Monthly Archives: November 2012

Phylogeny of the Tachinidae World Tour, Part 1: South Africa

One of the major pursuits in the Stireman lab right now is to assemble and analyze a phylogeny of Tachinidae of the world. If you know what tachinid flies are (i.e., awesomely diverse parasitoid flies, again I refer you to … Continue reading

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Carnivores and carotenoids…a new paper by Jeremy Heath

PhD student Jeremy Heath had something additional to be thankful for this Thanksgiving. His manuscript entitled “Carnivores and carotenoids are associated with adaptive¬† behavioural divergence in a radiation of gall midges” was just officially published (online) in the journal Ecological … Continue reading

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Enemy mine

Bob Kula and colleagues (Oscar Dix-Luna and Scott Shaw) recently published a revision of the braconid genus Ilatha. These are relatively large, often brightly colored braconid wasps found exclusively in the New World tropics. They are certainly attractive wasps, but … Continue reading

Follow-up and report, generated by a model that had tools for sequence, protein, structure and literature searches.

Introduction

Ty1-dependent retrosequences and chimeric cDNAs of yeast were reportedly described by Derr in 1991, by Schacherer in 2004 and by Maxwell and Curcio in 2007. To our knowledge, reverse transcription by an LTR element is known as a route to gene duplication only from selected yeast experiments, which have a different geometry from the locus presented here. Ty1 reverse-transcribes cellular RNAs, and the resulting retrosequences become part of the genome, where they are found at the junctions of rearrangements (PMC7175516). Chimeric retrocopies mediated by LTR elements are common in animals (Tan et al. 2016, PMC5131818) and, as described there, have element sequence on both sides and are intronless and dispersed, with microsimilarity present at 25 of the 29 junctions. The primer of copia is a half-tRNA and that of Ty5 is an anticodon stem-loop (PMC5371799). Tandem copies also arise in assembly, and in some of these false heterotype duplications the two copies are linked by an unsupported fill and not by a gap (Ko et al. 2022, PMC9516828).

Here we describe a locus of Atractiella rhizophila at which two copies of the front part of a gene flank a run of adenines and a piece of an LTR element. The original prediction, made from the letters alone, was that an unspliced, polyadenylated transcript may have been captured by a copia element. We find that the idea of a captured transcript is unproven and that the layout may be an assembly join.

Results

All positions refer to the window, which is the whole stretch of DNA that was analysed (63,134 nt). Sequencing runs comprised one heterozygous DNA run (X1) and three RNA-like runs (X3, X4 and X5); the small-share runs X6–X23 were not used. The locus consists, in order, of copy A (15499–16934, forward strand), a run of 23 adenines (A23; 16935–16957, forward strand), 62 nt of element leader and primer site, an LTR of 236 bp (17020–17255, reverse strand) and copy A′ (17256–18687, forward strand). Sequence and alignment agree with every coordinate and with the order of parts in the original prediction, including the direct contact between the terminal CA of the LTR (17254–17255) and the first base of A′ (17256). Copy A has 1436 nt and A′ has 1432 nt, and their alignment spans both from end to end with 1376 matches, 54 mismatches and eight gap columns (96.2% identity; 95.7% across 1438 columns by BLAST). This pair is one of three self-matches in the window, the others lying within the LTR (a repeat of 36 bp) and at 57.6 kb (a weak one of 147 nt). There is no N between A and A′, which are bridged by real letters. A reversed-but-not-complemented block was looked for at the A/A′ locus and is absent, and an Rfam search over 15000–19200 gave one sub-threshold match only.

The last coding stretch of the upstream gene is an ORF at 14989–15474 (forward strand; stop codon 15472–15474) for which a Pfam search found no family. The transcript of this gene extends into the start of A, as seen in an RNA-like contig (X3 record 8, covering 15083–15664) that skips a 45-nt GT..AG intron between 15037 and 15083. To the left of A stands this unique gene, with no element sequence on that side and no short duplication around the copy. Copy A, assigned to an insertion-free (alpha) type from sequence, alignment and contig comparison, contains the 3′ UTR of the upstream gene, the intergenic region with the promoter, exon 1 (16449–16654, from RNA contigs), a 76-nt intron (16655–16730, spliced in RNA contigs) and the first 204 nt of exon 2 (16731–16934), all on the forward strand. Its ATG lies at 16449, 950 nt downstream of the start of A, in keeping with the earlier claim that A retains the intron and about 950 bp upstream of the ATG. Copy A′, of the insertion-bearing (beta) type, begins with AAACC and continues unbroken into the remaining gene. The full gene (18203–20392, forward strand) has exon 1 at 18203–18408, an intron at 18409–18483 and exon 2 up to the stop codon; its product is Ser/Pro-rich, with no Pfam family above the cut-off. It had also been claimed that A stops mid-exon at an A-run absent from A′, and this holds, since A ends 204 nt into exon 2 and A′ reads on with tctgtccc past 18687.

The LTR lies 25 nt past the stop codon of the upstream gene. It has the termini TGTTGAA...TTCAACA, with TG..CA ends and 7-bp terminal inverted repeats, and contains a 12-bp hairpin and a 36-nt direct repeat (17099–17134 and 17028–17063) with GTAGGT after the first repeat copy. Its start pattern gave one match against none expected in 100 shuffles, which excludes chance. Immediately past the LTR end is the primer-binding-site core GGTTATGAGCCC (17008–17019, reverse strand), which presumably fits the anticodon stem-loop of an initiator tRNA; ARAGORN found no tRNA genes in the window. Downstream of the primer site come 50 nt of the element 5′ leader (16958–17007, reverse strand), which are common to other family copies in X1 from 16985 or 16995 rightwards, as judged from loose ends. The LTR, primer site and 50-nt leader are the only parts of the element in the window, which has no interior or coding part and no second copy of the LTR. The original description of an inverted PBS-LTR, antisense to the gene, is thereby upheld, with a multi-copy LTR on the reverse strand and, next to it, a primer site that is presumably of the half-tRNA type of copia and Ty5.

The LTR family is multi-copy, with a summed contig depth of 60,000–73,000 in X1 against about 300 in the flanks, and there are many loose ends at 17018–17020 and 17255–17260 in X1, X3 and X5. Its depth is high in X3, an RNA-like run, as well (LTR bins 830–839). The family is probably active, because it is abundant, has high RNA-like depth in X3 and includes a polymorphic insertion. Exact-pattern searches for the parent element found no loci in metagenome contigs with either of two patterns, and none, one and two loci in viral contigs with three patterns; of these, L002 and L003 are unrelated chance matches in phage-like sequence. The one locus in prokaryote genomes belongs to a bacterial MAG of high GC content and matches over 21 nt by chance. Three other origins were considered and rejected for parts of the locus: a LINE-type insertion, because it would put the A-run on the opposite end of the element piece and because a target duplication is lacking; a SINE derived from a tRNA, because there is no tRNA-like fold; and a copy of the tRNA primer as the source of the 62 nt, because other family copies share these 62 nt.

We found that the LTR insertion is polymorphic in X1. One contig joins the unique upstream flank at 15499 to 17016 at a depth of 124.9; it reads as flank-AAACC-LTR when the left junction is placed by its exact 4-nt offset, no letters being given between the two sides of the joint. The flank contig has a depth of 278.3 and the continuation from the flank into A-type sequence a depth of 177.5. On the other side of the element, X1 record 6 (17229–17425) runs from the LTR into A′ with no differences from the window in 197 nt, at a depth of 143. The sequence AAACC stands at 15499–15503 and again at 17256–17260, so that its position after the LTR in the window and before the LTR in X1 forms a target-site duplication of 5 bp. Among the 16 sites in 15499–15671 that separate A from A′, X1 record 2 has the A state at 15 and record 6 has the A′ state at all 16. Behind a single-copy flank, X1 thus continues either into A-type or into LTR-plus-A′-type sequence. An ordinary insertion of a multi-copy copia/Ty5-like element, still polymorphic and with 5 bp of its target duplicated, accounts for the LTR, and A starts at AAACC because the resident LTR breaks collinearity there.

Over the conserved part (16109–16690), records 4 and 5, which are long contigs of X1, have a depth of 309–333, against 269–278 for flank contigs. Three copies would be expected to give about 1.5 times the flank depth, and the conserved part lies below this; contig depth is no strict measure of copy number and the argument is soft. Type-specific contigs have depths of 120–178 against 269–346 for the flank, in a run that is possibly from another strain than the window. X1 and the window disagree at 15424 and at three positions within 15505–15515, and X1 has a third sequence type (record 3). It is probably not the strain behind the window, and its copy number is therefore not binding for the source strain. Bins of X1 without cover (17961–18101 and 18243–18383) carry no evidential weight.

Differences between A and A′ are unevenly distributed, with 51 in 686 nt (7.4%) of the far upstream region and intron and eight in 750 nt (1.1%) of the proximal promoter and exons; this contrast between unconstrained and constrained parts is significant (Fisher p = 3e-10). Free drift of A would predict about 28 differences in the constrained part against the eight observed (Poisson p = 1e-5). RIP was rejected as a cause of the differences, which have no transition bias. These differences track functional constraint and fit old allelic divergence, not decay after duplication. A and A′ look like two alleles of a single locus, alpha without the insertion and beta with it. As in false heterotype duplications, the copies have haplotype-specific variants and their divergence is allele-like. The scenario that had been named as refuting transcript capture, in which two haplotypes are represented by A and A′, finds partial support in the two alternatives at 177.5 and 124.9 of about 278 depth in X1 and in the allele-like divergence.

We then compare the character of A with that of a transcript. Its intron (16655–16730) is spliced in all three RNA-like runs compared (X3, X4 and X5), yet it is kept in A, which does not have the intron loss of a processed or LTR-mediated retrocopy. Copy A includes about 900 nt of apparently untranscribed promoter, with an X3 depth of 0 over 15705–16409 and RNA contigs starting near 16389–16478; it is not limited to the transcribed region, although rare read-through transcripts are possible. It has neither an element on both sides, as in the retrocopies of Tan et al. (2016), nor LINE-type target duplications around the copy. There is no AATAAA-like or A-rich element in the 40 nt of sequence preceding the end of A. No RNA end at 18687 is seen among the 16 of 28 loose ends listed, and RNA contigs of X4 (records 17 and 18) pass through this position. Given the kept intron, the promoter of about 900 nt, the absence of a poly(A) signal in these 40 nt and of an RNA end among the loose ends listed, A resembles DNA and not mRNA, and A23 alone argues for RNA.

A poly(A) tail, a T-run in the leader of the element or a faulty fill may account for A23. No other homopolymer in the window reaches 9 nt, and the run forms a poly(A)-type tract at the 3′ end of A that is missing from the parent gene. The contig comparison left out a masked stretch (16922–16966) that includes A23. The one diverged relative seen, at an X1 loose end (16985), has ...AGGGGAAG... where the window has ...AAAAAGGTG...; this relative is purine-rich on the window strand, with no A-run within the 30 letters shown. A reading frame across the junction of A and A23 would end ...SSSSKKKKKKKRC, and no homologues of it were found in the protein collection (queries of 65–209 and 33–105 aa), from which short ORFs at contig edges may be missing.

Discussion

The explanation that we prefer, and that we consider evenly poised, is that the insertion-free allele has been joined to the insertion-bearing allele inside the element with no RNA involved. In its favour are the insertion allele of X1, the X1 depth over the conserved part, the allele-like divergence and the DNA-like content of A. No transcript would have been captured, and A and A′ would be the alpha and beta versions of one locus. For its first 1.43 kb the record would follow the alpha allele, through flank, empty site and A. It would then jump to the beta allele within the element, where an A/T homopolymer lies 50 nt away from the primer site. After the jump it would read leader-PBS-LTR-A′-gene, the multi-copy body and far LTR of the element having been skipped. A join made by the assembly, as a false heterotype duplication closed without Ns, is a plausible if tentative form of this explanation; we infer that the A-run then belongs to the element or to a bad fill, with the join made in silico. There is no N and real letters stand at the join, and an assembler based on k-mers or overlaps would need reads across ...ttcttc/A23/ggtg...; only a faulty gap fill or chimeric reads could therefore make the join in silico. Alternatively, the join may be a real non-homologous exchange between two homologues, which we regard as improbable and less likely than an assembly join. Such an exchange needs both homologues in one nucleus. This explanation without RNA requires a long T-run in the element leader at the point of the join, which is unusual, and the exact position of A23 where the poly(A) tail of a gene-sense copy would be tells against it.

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Beth Stayrook receives award

Beth Stayrook, undergraduate research assistant extraordinare in the Stireman lab, was recently awarded a $1500 scholarship award from the Women in Science Giving Circle at Wright State University. Beth is a seriously smart, dual major in Biology and Chemistry. Way … Continue reading

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Tachinid flies and the final frontier…

Forest canopies are often referred to as one of the “final frontiers” of biodiversity exploration. We know astonishingly little about what organisms and ecological interactions occur in forest canopies, primarily due to the difficulty in sampling and studying them. In … Continue reading

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